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The color of the Zephyr is Ebony.  Do you notice the Alpaca Silk’s color?  Nothing?

Well, after viewing this picture I started humming the song Ebony and Ivory, unfortunately the color of the Alpaca Silk is Ecru.  Ebony and Ecru…….. hmmm, doesn’t quite fit.

The intentions so far are a close fit cabled pullover for the Alpaca Silk and a semi-lacy cover up to go over my summer dresses for the Zephyr.  Who knows how long it will take me to get to knitting with either of these, by then I’ll have a whole new idea of what to make.

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Not knitting

This post has nothing to do with knitting.  I promise more knitting content soon, I have yarn to show off and part of a sweater knitted, but today I am helping my brother out.

My brother is an Architectural Engineering student at KU.  He is doing research on sustainability with one of his professors.  They have a survey that everyone should take.  I will leave the link on the sidebar for awhile so please help Joe out and take the survey.

Sustainability Survey

It only takes 10-15 minutes.  I took it and you should too.

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Shiny Cowl

While away I knit up a pretty cowl using Shiny (the silk yarn purchased at The Studio I blogged about here.)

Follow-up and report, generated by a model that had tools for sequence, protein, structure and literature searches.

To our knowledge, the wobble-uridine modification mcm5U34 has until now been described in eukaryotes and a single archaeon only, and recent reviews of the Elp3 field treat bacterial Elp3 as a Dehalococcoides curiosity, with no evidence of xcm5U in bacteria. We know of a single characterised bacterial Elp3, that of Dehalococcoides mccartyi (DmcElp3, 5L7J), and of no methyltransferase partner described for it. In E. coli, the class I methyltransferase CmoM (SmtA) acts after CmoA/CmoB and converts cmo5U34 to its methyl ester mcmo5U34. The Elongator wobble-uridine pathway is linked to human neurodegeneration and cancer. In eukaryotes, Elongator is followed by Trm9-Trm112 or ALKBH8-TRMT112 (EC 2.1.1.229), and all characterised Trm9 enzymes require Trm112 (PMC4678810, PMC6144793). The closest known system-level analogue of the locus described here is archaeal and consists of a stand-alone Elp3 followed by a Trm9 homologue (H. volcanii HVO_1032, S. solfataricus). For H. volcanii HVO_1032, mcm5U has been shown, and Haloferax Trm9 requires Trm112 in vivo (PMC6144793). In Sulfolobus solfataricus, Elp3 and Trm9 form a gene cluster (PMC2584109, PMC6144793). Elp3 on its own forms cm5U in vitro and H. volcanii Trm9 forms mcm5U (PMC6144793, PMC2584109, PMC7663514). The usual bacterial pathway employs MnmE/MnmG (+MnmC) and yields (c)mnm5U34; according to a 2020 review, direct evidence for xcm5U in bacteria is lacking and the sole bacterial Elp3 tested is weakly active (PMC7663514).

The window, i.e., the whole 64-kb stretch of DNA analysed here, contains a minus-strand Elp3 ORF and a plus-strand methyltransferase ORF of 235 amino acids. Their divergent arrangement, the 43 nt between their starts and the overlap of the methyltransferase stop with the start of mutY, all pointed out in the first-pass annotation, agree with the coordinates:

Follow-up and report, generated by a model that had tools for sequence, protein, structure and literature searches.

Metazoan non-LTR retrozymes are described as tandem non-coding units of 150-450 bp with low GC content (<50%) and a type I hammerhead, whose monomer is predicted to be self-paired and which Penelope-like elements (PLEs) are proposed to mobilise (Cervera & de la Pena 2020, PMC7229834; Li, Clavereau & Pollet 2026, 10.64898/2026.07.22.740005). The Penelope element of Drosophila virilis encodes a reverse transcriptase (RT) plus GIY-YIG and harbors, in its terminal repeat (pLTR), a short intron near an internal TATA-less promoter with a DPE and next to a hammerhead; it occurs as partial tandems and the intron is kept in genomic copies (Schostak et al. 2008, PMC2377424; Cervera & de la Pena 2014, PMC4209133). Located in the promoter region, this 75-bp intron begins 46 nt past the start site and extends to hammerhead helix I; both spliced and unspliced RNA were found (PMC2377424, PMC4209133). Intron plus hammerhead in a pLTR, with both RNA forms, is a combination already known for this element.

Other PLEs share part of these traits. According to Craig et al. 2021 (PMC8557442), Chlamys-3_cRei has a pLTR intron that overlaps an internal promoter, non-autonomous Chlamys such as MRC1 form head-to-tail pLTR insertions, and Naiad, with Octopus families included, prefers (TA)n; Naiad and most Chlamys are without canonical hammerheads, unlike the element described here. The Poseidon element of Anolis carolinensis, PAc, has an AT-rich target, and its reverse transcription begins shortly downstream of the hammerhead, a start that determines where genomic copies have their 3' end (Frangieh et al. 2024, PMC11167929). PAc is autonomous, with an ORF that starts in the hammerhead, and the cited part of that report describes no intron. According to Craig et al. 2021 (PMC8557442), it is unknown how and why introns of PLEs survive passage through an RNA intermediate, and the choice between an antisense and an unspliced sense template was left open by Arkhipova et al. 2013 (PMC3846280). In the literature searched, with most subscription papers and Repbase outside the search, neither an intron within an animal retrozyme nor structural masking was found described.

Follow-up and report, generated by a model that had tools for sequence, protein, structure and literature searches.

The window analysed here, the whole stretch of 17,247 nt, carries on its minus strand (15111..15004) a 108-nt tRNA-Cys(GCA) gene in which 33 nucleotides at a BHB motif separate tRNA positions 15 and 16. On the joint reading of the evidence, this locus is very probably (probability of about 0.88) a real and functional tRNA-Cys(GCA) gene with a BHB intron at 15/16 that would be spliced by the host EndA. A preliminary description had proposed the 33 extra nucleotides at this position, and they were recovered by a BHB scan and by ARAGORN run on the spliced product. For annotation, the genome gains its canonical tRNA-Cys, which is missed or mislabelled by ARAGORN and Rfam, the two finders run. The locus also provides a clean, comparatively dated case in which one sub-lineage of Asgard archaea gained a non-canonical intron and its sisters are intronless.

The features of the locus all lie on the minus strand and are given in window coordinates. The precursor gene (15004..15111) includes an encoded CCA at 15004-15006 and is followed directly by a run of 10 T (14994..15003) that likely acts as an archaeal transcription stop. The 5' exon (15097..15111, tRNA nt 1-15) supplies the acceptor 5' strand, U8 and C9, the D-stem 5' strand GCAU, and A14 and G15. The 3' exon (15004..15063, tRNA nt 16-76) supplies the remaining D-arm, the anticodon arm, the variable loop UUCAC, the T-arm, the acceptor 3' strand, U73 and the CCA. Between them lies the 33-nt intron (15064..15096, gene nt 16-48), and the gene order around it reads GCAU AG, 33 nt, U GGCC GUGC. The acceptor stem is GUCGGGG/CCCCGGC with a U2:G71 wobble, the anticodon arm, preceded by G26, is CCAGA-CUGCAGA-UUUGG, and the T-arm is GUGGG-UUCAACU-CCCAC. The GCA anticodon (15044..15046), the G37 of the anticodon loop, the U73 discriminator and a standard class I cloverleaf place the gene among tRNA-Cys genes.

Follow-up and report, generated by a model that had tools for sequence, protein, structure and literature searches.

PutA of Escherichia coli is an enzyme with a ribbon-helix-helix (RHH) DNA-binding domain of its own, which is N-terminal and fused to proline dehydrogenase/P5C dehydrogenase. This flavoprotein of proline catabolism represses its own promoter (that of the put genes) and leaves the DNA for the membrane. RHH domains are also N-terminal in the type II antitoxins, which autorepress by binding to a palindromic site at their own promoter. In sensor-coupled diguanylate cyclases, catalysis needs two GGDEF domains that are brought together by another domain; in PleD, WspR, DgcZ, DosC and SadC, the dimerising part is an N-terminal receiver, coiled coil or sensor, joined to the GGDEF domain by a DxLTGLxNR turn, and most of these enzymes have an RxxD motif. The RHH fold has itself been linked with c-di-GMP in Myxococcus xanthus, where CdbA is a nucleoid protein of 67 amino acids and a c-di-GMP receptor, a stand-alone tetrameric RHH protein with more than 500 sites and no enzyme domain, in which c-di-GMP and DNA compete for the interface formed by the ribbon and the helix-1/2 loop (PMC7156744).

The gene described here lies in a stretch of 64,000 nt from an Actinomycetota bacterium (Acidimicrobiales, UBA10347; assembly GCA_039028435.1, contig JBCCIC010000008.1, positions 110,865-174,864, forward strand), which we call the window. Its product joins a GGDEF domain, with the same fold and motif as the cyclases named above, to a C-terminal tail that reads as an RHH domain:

I thought I would share the pattern with you.  It is easy and quick and only uses one ball of yarn.  The pattern is a mock cable lace set off by a twisted rib.  I love it because it is super squishy, soft, and warm.

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Finished Measurements:

16″ around, 6.5″ height

Materials:

1 ball Debbie Bliss Pure Silk (100% silk, 125m) color 27002

Stitch marker

16″ US Size 6 needles

Gauge:

6.25 stitches per inch in pattern without stretching

Directions:

Abbreviations – k1 tbl = knit 1 stitch through the back of the loop

Cast on 100 stitches, place marker and join for knitting in the round.

Row 1 – *k2, p1, k1 tbl, p1, repeat from * to the end of the round

Row 2 – *k1, yo, k1, p1, k1 tbl, p1, repeat from * to the end of the round

Row 3 – *k3, p1, k1 tbl, p1, repeat from * to the end of the round

Row 4 – *k3, pass the 3rd stitch on the right needle over the first 2 knit stitches on the right  needle, p1, k1 tbl, p1, repeat from * to the end of the round

Repeat these rows until desired length.

BO in rib pattern after completing row 4.

NOTE:  The number of stitches are increased in row 2 and decreased back to the original number in row 4.

When making this cowl I only had 1 yard of yarn left at the end, if intending to  make this patten longer or wider you will need more than 1 ball of yarn.

The pattern is very stretchy and pulls on easily.

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I took that myself, so ya.

And because I love close ups (click to view larger)

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William McKinley

I’ll be honest, I know quite a few facts about William McKinley but am too lazy to type them. Most notable, he was assassinated by a Russian anarchist. After doing a quick wiki search to make sure I remembered that correctly, (WHICH I DID!) I read that he was also the last president elected who had served in the Civil War. Theodore Roosevelt succeeded McKinley.

mckinley1Medium: Crayola Crayon on Blue Construction Paper

This is characteristic of my drawing style. Uneven eyes. It happens quite often. I really need to work on getting the placing right. I would like to be all confident and pass this off as artistic license and style and that I meant to do this. The truth is that it really bugs me. Oh well, another goal to shoot for.